The (very) real Egypt

Former GMTV reporter Lara Logan suffers 'brutal and sustained' sex assault covering Egypt uprising

Was set upon by mob of more than 200 in Tahrir Square

Saved by group of women and 20 Egyptian soldiers


The Yacoubian Building

The Yacoubian Building (Arabic: عمارة يعقوبيان‎ ʿImārat Yaʿqūbīān) is a novel by Egyptian author Alaa-Al-Aswany. The book was made into a film of the same name in 2006 and into a TV series in 2007.

Published in Arabic in 2002 and in an English translation in 2004, the book, ostensibly set in 1990 at about the time of the first Gulf War, is a roman à clef and scathing portrayal of modern Egyptian society since the Revolution of 1952. The locale of the novel is downtown Cairo, with the titular apartment building (which actually exists) serving as both a metaphor for contemporary Egypt and a unifying location in which most of the primary characters either live or work and in which much of the novel's action takes place. The author, a dentist by profession, had his first office in the Yacoubian Building in Cairo.

The Yacoubian Building was the best selling Arabic novel for 2002 and 2003, and was voted Best Novel for 2003 by listeners to Egypt's Middle East Broadcasting Service. It has been translated into 23 languages worldwide.
The stories of each of the primary characters are often intertwined, very horrible at times colliding or converging with one another. Together, they give a biting condemnation of a nation that has squandered its promise and which has been forced to compromise its own principles, resulting in a corrupt and undemocratic political system dominated by a single party (the fictitious "Patriotic Party", a thinly-veiled version of Egypt's National Democratic Party), a society whose most talented members abandon the country for promising careers abroad, and an increasingly disenchanted and restive populace that has no loyalty to the government and which sees extremist Islam as one of the few viable options to counter growing poverty, economic stagnation, and a perceived degradation of morals and lack of social cohesion.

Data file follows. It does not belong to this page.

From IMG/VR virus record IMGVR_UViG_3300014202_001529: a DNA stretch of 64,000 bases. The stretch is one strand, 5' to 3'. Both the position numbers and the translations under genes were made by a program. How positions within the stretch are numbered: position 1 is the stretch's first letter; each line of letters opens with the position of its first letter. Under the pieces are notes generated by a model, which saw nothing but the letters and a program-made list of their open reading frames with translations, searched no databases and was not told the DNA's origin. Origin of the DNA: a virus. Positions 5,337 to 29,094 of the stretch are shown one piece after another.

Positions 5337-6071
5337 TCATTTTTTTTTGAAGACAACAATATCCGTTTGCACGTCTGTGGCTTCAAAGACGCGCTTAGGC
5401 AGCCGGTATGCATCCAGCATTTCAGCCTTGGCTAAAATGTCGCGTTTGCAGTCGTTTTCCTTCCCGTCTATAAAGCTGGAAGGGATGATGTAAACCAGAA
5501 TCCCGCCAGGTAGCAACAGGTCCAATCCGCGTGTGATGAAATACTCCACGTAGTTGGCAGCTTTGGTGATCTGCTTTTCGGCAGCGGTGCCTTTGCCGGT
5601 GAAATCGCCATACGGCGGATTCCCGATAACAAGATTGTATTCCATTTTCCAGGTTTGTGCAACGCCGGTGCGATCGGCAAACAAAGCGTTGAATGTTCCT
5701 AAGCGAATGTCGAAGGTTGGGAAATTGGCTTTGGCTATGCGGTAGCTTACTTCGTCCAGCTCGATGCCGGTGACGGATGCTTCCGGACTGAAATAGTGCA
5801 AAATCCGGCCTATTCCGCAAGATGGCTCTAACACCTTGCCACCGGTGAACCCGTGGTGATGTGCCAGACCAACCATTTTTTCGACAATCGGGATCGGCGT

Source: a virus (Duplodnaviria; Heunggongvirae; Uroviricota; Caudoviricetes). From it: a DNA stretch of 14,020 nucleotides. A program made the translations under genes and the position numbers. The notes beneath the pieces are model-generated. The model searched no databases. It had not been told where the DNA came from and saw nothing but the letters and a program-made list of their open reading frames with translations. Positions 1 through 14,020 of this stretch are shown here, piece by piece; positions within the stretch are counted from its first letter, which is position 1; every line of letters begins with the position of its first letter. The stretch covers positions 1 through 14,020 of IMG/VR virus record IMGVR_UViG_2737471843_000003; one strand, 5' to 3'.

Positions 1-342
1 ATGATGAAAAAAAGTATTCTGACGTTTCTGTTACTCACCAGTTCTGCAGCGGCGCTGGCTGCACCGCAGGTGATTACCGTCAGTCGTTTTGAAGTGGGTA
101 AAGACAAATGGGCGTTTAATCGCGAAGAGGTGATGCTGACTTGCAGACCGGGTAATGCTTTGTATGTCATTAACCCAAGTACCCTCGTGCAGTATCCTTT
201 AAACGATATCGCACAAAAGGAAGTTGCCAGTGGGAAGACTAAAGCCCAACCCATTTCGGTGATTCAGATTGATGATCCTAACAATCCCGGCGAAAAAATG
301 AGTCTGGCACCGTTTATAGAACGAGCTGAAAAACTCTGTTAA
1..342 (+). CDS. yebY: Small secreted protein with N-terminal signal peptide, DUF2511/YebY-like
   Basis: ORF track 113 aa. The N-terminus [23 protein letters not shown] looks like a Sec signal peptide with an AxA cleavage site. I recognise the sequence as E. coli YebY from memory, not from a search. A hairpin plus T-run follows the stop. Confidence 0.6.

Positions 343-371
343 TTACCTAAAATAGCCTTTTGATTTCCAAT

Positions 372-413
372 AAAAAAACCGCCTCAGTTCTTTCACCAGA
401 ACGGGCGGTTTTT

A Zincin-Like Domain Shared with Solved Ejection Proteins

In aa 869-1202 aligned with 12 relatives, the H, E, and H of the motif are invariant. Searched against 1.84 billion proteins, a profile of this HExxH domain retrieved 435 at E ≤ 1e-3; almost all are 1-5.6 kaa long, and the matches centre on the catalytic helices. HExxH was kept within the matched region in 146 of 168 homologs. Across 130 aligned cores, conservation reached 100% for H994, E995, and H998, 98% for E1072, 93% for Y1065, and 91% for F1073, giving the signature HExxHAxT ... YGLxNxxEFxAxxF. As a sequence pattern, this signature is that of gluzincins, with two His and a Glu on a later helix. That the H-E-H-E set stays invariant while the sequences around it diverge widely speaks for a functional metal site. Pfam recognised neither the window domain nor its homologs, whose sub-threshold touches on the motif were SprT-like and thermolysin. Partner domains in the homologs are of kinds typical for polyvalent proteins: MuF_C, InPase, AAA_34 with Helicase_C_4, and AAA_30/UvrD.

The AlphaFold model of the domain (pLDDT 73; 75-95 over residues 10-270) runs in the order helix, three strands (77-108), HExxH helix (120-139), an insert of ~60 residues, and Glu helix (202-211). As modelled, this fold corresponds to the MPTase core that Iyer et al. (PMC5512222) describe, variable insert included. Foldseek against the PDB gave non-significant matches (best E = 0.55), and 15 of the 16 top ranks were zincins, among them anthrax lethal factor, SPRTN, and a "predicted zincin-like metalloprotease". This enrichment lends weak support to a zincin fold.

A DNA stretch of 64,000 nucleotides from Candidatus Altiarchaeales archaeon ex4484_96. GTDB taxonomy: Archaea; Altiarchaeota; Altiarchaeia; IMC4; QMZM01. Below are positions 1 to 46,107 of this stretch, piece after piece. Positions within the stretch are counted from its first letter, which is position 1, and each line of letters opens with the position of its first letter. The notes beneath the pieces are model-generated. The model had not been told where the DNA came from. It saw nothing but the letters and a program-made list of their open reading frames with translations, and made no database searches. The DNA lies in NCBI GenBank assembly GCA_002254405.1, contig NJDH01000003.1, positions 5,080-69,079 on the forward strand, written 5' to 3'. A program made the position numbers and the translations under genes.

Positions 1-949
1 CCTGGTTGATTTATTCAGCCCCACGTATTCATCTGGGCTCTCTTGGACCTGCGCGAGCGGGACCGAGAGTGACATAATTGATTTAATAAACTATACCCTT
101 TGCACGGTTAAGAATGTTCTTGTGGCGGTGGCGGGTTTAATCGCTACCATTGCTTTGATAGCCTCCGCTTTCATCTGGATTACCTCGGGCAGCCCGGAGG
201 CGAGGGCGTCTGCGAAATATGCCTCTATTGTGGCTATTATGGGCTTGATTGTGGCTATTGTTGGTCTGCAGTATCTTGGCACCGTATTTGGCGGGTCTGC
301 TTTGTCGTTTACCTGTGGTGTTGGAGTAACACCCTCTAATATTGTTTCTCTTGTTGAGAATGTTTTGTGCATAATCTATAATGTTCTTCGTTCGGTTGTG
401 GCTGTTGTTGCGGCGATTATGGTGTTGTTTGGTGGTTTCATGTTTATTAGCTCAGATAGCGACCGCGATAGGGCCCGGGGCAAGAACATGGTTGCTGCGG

The Yacoubian Building's treatment of homosexuality is taboo-breaking, particularly for contemporary mainstream Arab literature. Khaled Diab, in an article entitled Cultural rainbows, explores this aspect of the novel, and how this can help change popular attitudes to homosexuality in the Arab world. wikipedia